No rest for the weary

iVillage Member
Registered: 03-20-2003
No rest for the weary
8
Mon, 05-10-2010 - 3:23pm

So much for rest days. I just received the ACE fitness magazine and the new recommendation (Journal of the American Medical Association) for middle aged women, 45+ years, to maintain weight as we get older is 60 minutes of exercise, every day. They don't include housework or gardening in the recommendation but do include golf and walking.

http://online.wsj.com/article/SB10001424052748704896104575140011148266470.html

A new study shows women need 60 minutes of moderate exercise a day to prevent weight gain as they age if they consume a normal diet.

The findings suggest women need more exercise than the current federal guidelines of 150 minutes a week, or 30 minutes five days a week, of moderate-to-intense activity.
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The study is being published in the March 24/31 edition of the Journal of the American Medical Association.

"I don't want people to throw up their hands and say 'I can't do it,' " said I. Min Lee, the study's lead researcher and a doctor and associate professor at Harvard Medical School and Brigham and Women's Hospital in Boston.

Women at a normal weight who consume a normal diet can beat middle-age weight gain by working out intensely for 30 minutes a day, whether by running, cycling, swimming laps or working out at a gym. Weight gain can also be prevented with 60 minutes of moderate activity, such as walking, a leisurely bike ride or playing catch.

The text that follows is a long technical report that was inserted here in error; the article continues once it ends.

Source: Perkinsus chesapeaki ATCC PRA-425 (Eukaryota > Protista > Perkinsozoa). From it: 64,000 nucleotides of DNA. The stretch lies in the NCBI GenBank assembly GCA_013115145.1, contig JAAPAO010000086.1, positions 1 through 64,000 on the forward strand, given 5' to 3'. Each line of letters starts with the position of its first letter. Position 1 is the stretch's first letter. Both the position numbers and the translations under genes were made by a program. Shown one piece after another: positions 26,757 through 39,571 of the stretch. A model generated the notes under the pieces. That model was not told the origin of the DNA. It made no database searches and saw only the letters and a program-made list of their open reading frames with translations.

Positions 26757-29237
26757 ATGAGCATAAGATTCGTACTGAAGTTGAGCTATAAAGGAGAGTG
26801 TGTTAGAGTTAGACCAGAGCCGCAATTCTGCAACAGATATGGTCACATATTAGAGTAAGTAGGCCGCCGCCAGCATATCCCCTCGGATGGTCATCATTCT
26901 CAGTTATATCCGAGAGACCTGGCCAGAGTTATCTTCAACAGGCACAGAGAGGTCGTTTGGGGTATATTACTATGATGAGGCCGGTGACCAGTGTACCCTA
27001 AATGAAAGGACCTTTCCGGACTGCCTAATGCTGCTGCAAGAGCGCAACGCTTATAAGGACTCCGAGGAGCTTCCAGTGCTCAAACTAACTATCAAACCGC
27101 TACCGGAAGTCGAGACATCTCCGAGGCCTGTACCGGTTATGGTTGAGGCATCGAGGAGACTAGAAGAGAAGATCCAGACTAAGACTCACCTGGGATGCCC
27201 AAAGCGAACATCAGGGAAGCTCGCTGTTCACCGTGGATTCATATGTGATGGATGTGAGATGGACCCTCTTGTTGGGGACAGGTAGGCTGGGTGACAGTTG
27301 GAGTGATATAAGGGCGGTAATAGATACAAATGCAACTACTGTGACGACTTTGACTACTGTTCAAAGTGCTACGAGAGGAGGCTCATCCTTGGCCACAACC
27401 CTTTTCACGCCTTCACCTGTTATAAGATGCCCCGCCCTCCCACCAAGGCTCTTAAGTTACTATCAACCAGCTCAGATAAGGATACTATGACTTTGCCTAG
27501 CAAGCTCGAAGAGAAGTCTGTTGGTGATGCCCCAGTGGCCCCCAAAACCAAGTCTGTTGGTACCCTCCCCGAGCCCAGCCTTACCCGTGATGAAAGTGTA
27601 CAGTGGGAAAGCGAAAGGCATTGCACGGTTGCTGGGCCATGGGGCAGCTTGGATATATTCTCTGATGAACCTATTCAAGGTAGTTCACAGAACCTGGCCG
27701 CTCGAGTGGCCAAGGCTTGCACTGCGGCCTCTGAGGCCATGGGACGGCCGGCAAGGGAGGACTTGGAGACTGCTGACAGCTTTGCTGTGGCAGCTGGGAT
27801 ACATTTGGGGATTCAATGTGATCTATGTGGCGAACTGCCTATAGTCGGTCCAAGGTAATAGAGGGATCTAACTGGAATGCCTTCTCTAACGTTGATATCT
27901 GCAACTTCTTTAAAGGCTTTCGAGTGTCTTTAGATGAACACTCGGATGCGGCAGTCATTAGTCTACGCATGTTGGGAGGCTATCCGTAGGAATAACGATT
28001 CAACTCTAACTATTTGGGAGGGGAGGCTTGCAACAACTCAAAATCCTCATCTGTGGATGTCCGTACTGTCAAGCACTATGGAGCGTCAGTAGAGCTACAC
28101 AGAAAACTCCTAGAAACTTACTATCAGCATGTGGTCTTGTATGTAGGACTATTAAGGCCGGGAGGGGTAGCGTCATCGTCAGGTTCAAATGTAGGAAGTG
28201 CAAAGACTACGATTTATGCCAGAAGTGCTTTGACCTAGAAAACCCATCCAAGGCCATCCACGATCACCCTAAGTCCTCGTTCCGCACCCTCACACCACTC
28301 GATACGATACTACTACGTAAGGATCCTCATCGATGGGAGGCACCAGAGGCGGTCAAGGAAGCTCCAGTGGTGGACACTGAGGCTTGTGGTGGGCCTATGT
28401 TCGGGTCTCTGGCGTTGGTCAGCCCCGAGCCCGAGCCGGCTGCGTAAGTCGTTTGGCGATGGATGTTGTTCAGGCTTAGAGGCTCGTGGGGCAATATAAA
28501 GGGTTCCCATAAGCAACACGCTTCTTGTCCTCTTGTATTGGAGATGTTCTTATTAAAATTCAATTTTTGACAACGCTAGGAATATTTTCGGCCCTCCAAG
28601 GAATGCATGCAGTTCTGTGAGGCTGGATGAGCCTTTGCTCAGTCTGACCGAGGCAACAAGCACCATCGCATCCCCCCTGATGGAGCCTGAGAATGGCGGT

The federal guidelines of 150 minutes a week of moderate-to-intense exercise are designed to prevent disease and obtain other health benefits. However, a 2002 report by the Institute of Medicine suggested 60 minutes a day, or 420 minutes a week, are needed to prevent weight gain.

Dr. Lee said because the basis of IOM's findings have been questioned, she and other researchers decided to look at the issue within the group of women participating in the federal Women's Health Study. She also said the goal was to look at women who weren't dieting and were consuming a normal diet to see what impact physical activity has on weight.

The study looked at 34,079 healthy U.S. women who consumed a usual diet from 1992 to 2007. The women were all age 45 or older at the start, with an average age of 54. They were given a questionnaire about the amount of exercise or activity they engaged in per week at the start of the study, and then at three-year intervals. Their activity was tracked for an average of 13 years while weight changes were tracked over a three-year period.